Exasperated with the recent defeats of the Russian Army, Tsar Nicholas II removes Grand Duke Nicholas Nikolayevich as Commander-in-Chief of the Russian Army. Nicholas II decides to personally take command of the army, something which would further weaken his control over the nation, with every defeat being closely tied with him and shattering the image of a divine infallible tsar.

23: Bulgaria begins mobilization

The Central and Allied powers had been long persuading Bulgaria to join the war on their sides. Bulgaria’s recent conflicts with the Serbians, and Allied losses in Gallipoli and Gorlice campaigns, convince the Bulgarian King Ferdinand to join the Central powers. On 23rd September 1915, Bulgaria begin mobilizing for war.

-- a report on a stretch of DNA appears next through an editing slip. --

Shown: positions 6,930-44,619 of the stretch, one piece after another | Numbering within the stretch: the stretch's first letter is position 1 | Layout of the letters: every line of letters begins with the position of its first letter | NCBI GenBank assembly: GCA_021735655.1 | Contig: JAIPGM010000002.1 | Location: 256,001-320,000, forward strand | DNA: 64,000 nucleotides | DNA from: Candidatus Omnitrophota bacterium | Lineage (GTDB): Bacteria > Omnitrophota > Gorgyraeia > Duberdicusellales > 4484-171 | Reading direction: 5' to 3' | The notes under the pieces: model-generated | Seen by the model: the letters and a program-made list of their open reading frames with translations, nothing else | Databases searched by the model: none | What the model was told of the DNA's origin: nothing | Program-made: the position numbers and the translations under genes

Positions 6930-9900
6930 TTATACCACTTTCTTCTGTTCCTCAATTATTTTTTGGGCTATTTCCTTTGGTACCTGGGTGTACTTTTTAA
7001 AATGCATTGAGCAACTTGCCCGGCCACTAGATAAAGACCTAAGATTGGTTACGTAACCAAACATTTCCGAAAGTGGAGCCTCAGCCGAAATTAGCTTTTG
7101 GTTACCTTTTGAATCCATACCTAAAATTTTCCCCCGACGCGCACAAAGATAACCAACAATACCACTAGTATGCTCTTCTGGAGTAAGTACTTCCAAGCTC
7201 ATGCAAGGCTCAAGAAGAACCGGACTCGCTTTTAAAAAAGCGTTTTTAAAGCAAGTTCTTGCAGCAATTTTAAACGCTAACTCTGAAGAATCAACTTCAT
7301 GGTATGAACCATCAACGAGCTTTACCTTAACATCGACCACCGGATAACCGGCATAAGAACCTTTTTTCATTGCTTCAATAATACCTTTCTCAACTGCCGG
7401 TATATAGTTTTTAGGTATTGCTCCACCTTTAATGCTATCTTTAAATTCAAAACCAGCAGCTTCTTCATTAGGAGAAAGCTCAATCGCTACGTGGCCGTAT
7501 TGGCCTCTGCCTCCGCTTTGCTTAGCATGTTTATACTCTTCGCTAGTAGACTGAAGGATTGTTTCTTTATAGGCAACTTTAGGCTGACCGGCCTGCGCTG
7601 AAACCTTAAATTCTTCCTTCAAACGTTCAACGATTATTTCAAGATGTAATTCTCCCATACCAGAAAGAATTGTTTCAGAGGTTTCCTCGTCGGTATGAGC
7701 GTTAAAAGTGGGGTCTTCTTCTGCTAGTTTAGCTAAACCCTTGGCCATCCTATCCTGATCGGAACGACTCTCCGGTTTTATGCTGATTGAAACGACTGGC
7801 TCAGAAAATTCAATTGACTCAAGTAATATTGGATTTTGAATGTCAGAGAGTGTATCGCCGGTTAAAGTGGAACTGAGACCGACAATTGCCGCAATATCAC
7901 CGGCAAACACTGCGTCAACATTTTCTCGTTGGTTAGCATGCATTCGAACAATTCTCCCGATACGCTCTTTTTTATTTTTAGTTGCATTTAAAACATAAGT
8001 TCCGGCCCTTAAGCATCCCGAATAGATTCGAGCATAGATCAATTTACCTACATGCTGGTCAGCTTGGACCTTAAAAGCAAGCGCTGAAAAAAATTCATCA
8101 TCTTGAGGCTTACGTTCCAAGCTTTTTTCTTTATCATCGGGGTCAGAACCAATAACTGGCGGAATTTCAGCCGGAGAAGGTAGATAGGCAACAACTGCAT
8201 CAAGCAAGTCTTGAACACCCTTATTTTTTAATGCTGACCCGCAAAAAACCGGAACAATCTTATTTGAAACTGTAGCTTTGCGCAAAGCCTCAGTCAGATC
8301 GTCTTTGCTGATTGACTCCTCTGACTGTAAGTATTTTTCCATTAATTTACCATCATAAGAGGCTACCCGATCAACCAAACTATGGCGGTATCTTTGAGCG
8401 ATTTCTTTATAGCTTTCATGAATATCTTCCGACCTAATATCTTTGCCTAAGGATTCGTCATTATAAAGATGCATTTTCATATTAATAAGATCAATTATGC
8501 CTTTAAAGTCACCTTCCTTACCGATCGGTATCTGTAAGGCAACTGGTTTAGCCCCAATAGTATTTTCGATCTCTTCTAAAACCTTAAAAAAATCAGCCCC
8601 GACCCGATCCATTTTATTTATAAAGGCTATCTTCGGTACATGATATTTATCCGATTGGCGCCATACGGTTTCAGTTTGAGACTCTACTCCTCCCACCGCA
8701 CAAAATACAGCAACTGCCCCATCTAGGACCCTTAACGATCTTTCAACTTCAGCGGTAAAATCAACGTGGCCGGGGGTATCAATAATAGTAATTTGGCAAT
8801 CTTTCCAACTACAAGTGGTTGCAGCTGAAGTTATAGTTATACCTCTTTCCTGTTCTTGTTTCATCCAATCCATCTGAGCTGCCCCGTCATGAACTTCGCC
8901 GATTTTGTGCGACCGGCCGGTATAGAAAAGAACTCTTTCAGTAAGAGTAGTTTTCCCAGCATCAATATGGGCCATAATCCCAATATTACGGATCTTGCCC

October

6: Invasion of Serbia begins

On October 6, German and Austro-Hungarian forces crossed the Danube and Save rivers, invading Serbia under the leadership of General August von Mackensen. Belgrade falls three days later on the 9th, forcing the Serbian government to flee to the city of Nisch.

15 – 19: Allies declare war on Bulgaria

With Bulgarian forces invading Serbia along with Germany and Austria-Hungary, the British Empire declare war on Bulgaria on the 15th. France follows the next day, while Italy and Russia declare war on the 19th.

 

November

25: Serbia retreats

Serbian Field Marshall Radomir Putnikwere orders full retreat south and west through Montenegro and into Albania. This is a great victory for the Central Powers as the Serbian army collapses. It will retreat to the Adriatic Sea and will eventually be evacuated by the Italian and French Navies.

 

December

26: The battle of Lake Tanganyika begins

In Africa, the battle for the control of the strategic Lake Tanganyika begins between the British Royal Navy, Force Publique and the Imperial German Navy. The Battle for Lake Tanganyika is the only naval battle in WWI that will be fought on a lake, rather than on the open sea.